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Book List: a Little End-of-the-World Reading 

Let's say goodbye to a divisive year with some pre-Trump writing.

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Much ink was spilled about post-9/11 literature and how the attacks changed writing, largely around the tragedy’s 10th anniversary. The book world eagerly lauded novelists who best captured America after 2001.

The New York Times reports that early 2017 will see a flurry of nonfiction books making sense of President-elect Donald Trump’s rise and what it means to live in the America of his presidency. I expect fiction and poetry to follow shortly.

So here’s a list of notable, mostly local books of 2016 — the last of what we’ll come to call pre-Trump literature.

Beth Macy’s “Truevine” is the kind of reporting that makes you appreciate good journalism in the age of fake news. It’s exhaustively researched and meticulously crafted to tell an obscure story within a larger, underreported history. Two albino brothers were kidnapped from their farm near Roanoke in the early 1900s and forced to work in the circus. Their mother eventually won them back, no small feat for a black woman in Jim Crow Virginia.

Katy Resch George’s “Exposure” is a slim volume of short stories that packs a lot in. And it’s the best work of fiction to come out of Richmond in a while. George is a poet, but I hope she’ll continue to expand her repertoire in the coming years.

Nell Zink’s Virginia connection may get more tenuous as years pass. And if her 2015 book, “Mislaid,” is any indication, memories of her childhood state are none too kind. But this year’s “Nicotine” is a great reminder of her incisive, humorous take on America — as a current expat in Germany.

There’s nothing like a big-studio movie version coming out to motivate a reading. Get the full story of the black women who worked at NASA’s Langley in the ’50s and ’60s with Margot Lee Shetterly’s “Hidden Figures” before Hollywood adds forced romances and slow-motion walking to the equation in the January film version. The book is always better.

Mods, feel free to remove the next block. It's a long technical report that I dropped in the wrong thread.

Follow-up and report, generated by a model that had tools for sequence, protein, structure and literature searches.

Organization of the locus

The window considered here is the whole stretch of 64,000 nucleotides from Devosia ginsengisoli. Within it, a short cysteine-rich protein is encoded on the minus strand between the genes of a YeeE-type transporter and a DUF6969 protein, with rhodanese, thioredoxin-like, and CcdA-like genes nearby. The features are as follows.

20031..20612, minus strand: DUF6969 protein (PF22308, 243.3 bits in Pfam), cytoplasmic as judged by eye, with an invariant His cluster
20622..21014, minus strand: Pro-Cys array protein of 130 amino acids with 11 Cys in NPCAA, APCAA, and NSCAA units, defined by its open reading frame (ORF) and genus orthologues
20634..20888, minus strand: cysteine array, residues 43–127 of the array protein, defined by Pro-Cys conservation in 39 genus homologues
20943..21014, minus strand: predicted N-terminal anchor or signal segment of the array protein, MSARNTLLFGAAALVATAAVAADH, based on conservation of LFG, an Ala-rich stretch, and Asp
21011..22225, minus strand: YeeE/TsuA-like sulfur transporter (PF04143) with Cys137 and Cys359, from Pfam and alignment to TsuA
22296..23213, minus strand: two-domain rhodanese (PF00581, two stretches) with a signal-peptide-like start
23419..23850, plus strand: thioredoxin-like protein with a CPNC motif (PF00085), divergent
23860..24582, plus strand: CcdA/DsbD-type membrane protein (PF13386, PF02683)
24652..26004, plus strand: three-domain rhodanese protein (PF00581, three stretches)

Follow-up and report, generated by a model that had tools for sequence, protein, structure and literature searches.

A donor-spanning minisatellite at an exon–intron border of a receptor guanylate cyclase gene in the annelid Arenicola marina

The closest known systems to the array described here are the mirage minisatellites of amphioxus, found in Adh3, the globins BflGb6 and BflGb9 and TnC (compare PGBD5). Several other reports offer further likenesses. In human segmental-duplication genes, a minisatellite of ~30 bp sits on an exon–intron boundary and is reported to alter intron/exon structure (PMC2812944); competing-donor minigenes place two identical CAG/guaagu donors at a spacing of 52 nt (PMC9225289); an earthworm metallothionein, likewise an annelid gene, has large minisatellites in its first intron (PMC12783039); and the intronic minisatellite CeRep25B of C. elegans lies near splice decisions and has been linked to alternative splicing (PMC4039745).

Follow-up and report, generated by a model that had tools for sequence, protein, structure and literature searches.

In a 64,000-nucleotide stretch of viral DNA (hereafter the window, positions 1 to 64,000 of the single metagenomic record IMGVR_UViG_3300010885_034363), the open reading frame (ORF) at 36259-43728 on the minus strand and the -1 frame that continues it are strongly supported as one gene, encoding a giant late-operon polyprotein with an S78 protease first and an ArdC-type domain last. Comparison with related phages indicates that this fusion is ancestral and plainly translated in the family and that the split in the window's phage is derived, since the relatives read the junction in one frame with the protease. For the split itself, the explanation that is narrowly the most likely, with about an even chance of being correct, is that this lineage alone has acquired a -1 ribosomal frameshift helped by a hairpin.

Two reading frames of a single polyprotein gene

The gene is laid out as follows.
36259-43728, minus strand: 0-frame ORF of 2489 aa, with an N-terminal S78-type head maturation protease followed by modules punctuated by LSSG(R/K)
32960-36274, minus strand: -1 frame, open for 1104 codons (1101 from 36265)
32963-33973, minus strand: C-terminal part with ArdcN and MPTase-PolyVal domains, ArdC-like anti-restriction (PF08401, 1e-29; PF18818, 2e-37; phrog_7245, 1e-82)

I didn’t get a chance to write about John Gregory Brown’s “A Thousand Miles from Nowhere,” but the Sweet Briar College professor has written a quiet, reflective novel that’s worth your time. A man fleeing New Orleans as Katrina approaches finds himself waylaid in a fictional Virginia town and drawn into a web of characters.

Belle Boggs’ “The Art of Waiting” is the kind of book you pass along when you’re done, because everyone knows someone it will speak to. Written by a King William County native about her experience with infertility, the message is universal — about society’s expectations for childbearing and preconceived notions about what parenthood means. Boggs’ devotion to the natural world is reminiscent of Annie Dillard in its care.

Kelly Kerney’s “Hard Red Spring” has stayed with me since reading it this summer. It’s as much a history lesson of America’s disastrous involvement in Guatemala as it is a novel. I expect to read more from and about Richmond resident Kerney in the future. Same with Kenny Williams’ “Blood Hyphen,” one of many, talented Richmond poets toiling away in semi-obscurity. His poetry is full of memorable imagery and references to the city that will follow you around.

Outside of central Virginia, Colson Whitehead’s “The Underground Railroad” doesn’t need my endorsement — it has Oprah’s. But this award-winning novel of American slavery and the escape of Cora is both easy and difficult to read. Whitehead comes to Richmond in February for Virginia Commonwealth University Libraries’ Black History Month lecture, so you have your deadline.

For something completely different, the lush theater of Alexander Chee’s “Queen of the Night” pairs well with a comfortable winter chair. I read this almost a year ago and visions of its heroine, a 19th-century Parisian opera singer, still spring to mind when someone’s skirt rustles near me, which doesn’t happen nearly enough. Please send word to Baz Luhrmann that I’m waiting for his film version.

If you want some nonfiction to help make sense of the political year we had, Emory professor Carol Anderson wrote “White Rage: the Unspoken Truth of Our Racial Divide” in May, but it somehow seems even more relevant. Don’t forget its unofficial companion piece, Nancy Isenberg’s “White Trash: the 400-Year Untold History of Class in America.”

And with that: Get lost, 2016. S

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